"Sounds like a fun project" was my first reaction when I read some time back the first paper on Steve's work on augmented toys and augmented games. Reading through his thesis and seeing more of his papers it seems there was a lot of hard work, too.
Thinking more about it I was wondering how toys are really going to change in the future and to what extent this is going to happen. Technically a lot is feasible as it is well demonstrated by Steve in his thesis (photo from www.vs.inf.ethz.ch); if you do not have time to read the thesis I recommend to look at two of his papers:  and . They give a good overview of the systems he created. In the discussion we could see that there can be very interesting business model involving third party developers for such toys.
… but nevertheless the playing experience is something very special and I would bet the augmented toys will come but the ordinary non-augmented dolls will stay.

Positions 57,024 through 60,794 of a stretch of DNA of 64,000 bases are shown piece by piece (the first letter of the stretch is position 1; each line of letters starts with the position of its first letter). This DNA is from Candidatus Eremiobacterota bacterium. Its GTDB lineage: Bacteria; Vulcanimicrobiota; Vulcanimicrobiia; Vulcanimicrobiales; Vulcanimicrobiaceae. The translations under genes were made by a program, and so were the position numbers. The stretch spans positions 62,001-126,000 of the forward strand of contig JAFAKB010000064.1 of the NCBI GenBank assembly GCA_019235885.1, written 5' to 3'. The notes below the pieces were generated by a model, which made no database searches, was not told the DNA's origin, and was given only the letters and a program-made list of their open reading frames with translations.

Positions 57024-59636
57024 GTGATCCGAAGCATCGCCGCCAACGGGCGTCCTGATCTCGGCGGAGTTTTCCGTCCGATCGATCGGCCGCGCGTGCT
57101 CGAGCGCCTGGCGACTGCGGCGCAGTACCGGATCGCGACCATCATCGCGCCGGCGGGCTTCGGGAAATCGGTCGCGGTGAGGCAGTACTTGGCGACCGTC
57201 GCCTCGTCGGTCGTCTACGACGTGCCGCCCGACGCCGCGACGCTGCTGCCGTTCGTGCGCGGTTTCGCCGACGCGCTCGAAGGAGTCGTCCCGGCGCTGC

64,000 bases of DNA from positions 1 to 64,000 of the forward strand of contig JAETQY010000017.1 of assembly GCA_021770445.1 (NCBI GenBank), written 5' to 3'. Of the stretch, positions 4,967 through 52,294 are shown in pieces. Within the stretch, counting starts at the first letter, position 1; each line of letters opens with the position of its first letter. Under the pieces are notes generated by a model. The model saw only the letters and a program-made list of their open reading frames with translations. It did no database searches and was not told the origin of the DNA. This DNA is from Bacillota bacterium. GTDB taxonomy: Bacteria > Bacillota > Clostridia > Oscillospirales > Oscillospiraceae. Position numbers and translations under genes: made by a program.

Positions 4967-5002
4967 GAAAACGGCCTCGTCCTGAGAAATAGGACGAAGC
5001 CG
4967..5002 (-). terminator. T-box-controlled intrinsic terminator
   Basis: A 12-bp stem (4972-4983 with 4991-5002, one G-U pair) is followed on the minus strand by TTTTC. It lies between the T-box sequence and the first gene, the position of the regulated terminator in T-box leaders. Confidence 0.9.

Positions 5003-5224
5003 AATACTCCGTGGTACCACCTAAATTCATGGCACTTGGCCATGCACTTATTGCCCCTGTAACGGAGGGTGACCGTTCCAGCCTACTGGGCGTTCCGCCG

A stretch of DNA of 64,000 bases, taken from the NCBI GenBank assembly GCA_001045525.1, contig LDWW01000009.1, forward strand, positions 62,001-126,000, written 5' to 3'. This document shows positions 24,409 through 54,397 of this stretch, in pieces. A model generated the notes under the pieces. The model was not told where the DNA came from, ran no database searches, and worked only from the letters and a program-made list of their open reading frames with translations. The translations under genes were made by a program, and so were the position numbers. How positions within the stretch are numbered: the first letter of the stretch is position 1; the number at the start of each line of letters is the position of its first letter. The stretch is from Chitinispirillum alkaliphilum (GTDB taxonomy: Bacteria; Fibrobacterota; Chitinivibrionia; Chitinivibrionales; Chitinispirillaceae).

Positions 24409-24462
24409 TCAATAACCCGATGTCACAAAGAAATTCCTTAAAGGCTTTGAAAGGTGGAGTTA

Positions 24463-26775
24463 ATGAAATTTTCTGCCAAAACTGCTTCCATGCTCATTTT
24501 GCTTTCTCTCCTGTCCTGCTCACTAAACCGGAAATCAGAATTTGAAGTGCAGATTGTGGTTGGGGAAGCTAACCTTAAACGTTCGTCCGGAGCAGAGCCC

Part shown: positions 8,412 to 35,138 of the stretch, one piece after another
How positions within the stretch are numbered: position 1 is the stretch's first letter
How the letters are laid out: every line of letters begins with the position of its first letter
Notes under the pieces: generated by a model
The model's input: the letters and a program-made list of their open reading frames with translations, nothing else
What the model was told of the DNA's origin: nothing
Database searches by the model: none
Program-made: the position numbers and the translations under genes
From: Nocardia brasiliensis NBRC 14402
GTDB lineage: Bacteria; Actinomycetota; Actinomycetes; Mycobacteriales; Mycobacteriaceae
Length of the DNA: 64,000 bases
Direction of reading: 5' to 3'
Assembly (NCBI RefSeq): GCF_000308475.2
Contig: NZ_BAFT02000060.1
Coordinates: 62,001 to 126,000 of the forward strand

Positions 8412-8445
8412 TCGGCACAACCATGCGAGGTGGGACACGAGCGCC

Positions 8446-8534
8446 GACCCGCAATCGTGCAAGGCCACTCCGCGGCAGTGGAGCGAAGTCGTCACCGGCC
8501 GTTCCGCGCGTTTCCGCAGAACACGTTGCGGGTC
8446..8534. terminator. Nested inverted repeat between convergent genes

PS: The cafeteria at ETH provided another example of my collection "if you need a sign/label - you have got the UI design wrong" - great example how gestalt law would have been so easy and arrows look so bad ;-)
 Hinske, S. and Langheinrich, M. 2009. W41K: digitally augmenting traditional game environments. In Proceedings of the 3rd international Conference on Tangible and Embedded interaction (Cambridge, United Kingdom, February 16 - 18, 2009). TEI '09. ACM, New York, NY, 99-106. DOI= http://doi.acm.org/10.1145/1517664.1517691
 Hinske, S., Langheinrich, M., and Lampe, M. 2008. Towards guidelines for designing augmented toy environments. InProceedings of the 7th ACM Conference on Designing interactive Systems (Cape Town, South Africa, February 25 - 27, 2008). DIS '08. ACM, New York, NY, 78-87. DOI= http://doi.acm.org/10.1145/1394445.1394454